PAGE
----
The Friday Roundtable focuses on resiliency and how average people deal with challenges and struggles in their day to day lives. How do we overcome a big crisis or a series of small hurdles?
Do you have the ability to bounce back? What advice would you give for someone recovering from a setback?
Learn more about resiliency:
For scientists the concept of psychological resilience began in the 1970s with studies of children who did fine - or even well in life - despite significant early adversity, such as poverty or family violence. For a long time a person's level of resilience was thought to be inherited or acquired in early life. This idea was supported by the often-replicated statistics on what happens after a trauma: while most people bounce back to normal relatively quickly, and some even report feeling psychologically stronger afterwards than they did before, about 8% develop post-traumatic stress disorder, according to US figures. (BBC)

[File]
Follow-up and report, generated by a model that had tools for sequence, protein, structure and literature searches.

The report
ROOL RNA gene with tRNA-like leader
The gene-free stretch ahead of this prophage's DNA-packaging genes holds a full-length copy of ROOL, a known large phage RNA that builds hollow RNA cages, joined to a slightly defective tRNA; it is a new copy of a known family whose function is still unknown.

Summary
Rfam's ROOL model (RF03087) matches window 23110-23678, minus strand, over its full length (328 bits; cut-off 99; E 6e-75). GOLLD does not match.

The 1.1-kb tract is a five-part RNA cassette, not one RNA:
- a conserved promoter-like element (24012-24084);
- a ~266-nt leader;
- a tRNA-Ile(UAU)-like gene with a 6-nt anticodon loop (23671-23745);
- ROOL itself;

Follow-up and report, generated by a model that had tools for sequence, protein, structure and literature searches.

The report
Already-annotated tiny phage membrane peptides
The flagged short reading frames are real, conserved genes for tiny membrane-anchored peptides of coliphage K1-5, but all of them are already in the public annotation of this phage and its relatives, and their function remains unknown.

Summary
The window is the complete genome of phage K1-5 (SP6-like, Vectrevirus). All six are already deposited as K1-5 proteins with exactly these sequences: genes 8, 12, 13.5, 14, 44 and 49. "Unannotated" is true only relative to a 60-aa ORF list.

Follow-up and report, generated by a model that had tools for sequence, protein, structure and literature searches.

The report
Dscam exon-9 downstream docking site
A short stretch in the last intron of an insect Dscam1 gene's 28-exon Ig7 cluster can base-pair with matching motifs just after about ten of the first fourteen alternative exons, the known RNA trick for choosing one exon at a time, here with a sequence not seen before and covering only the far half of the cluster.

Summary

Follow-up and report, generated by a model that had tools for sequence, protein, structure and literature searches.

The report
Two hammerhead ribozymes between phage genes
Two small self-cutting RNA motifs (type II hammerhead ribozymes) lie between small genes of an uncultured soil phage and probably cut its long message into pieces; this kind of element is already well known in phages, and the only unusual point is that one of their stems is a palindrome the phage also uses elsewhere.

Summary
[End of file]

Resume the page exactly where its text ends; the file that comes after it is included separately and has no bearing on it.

Resilience is the ability to roll with the punches. When stress, adversity or trauma strikes, you still experience anger, grief and pain, but you're able to keep functioning -- both physically and psychologically. However, resilience isn't about toughing it out, being stoic or going it alone. In fact, being able to reach out to others for support is a key component of being resilient. (Mayo Clinic)